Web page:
Regarding the machines at my work, the more that I look at them and watch them in operation, the more that I understand them. The basic design of the letter inserting machine was developed in the 1920’s. Since then, it has been improved and refined, most lately with the addition of electronic controls. Recently I was adjusting the settings for a complicated job, and had the opportunity to study a small section of the machine. I looked at the part of the machine where one piece of paper is pulled from the bottom of a stack… there were 11 possible adjustments in that one area. I wondered why those adjustments were consciously built into the machine. I concluded that the engineers that study, invent, design, and manufacture these machines designed the adjustments so that during certain types of production, the machine runs smoothly.
While standing at, staring at and thinking about that machine, I realized that Mr. Iyengar has acquired that kind of knowledge of the body and mind, by studying it for 75 years within the context of yoga.
Then, add the computer infrastructure at work, with the connectivity within the building via our LAN and to the ‘outside world’ via the Internet. Many of the functions of these computers are called services or ‘daemons’. The computers wait for an inquiry of some sort, and then respond. Each service has it’s own function (i.e. a web server, email server, telephone service, etc). This alone has taken years and years to put together. And as I progress, so do the capabilities of networks and computers in general. It is a never ending process of self renewal and advancement.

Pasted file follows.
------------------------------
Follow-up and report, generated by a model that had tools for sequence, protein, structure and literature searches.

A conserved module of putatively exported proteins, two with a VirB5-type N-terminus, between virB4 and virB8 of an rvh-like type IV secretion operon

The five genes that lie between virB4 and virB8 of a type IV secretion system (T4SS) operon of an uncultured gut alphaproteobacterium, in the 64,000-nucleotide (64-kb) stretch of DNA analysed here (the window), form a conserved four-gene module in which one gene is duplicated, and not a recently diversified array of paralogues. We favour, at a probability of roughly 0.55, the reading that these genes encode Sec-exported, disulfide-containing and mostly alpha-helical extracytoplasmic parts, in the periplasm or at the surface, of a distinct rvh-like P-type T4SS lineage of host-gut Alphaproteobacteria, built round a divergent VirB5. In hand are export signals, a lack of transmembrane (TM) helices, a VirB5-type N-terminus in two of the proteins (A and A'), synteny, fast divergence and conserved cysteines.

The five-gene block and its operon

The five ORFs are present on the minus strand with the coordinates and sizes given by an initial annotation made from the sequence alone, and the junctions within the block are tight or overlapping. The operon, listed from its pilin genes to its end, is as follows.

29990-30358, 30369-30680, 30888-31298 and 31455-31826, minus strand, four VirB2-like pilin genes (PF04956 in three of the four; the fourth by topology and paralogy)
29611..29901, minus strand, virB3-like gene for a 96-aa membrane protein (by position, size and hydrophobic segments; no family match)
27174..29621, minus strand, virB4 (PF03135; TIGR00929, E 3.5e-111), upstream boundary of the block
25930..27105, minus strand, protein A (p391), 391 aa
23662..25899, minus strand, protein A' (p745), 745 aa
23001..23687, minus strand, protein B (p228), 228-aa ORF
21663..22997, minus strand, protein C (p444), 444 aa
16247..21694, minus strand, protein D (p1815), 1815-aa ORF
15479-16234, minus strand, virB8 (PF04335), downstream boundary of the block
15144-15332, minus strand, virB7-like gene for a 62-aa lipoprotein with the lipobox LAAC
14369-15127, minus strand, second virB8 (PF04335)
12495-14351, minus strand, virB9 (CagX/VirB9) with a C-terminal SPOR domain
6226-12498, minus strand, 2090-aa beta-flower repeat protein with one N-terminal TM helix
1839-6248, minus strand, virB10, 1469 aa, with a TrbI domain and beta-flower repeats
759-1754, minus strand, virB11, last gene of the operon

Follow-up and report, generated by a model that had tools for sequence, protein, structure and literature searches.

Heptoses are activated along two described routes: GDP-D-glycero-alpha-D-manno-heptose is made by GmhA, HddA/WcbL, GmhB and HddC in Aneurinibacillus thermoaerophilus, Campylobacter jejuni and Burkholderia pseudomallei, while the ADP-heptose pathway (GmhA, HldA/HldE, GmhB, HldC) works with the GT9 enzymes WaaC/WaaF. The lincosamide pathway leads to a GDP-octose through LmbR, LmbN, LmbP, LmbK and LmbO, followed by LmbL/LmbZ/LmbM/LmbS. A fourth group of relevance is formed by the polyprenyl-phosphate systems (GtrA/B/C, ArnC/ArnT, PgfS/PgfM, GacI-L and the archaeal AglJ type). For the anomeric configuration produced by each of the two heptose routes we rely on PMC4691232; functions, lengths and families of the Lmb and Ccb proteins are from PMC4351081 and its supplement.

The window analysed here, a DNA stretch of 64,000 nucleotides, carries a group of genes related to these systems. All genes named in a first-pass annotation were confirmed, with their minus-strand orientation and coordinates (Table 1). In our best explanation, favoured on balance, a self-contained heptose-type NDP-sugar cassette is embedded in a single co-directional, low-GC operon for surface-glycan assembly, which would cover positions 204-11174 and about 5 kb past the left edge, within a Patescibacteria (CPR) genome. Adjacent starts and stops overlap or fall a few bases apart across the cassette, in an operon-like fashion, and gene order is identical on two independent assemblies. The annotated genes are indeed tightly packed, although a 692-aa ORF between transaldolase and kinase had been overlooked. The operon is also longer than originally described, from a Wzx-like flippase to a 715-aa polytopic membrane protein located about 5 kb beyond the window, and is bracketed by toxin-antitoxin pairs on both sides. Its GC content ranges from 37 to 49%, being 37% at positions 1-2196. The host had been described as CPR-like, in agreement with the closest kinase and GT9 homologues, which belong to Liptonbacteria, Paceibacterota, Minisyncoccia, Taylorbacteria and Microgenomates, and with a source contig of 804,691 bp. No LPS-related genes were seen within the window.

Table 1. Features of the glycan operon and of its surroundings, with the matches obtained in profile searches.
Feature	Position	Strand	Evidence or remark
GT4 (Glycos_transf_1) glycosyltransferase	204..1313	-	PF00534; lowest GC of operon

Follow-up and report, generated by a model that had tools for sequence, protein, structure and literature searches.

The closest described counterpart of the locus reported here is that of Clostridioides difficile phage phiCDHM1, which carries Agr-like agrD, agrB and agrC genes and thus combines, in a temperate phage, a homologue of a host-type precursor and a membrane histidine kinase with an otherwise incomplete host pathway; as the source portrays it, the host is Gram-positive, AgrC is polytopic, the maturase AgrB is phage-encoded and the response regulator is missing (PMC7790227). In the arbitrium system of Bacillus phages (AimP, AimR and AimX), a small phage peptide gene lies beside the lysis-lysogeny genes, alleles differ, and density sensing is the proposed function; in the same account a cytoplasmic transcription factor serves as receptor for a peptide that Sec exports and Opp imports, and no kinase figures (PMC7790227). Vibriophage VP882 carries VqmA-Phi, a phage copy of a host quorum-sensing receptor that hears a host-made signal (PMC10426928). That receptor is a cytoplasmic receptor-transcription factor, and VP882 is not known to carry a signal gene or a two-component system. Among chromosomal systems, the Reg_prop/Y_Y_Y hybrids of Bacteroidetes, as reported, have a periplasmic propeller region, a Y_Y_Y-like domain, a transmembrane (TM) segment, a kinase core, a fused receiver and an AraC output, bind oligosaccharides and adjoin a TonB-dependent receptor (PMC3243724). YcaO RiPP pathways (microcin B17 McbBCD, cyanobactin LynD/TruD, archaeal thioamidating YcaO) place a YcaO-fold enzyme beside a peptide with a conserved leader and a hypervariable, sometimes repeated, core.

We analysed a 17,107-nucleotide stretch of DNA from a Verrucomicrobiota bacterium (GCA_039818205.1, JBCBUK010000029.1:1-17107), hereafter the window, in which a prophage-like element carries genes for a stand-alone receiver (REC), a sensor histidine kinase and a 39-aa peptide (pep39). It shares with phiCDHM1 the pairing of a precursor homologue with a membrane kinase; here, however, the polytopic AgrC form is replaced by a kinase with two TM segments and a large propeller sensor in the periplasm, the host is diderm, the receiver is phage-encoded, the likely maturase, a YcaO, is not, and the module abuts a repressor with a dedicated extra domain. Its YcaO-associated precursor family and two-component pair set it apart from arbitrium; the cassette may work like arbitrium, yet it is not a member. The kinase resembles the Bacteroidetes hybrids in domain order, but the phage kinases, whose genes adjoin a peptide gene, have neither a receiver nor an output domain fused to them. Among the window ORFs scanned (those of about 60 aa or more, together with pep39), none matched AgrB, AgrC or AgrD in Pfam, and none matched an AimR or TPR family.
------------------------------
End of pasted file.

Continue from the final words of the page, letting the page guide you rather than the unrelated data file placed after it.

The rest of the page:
How does one learn all of this? I guess you could say ‘the hard way’, or perhaps ‘the only way’. Trial and error, lots of experiments, many times of frustration or lack of progress, and a cumulative increase in knowlege and capability over time.
Why would learning and progress in yoga require any different than these other areas? The answer that came yesterday is that it isn’t fundamentally any different.
My intention is to apply all of the learning skills I acquired in these other domains over to my interest in yoga.
Here is my approach:
- A daily practice (you’re interval might vary)
- Be able to identify the major components of the ‘big picture’ of yoga
- Take a small portion, such as a muscle movement, a pose, or a pose sequence, and investigate it, play with it, make adjustments, understand how it works, internalizing the knowledge so that it is available for recall and use without effort
- Move to the next small portion.
- Understand the fundamental components of yoga
- Body parts: bones, muscles, connectivity
- Poses: position of joints, muscles used or relaxed
- Sequences: how to understand the basics of sequencing the poses
- Class construction: Startup, energy ramp, peak, cooldown
- Experiment with generating my own classes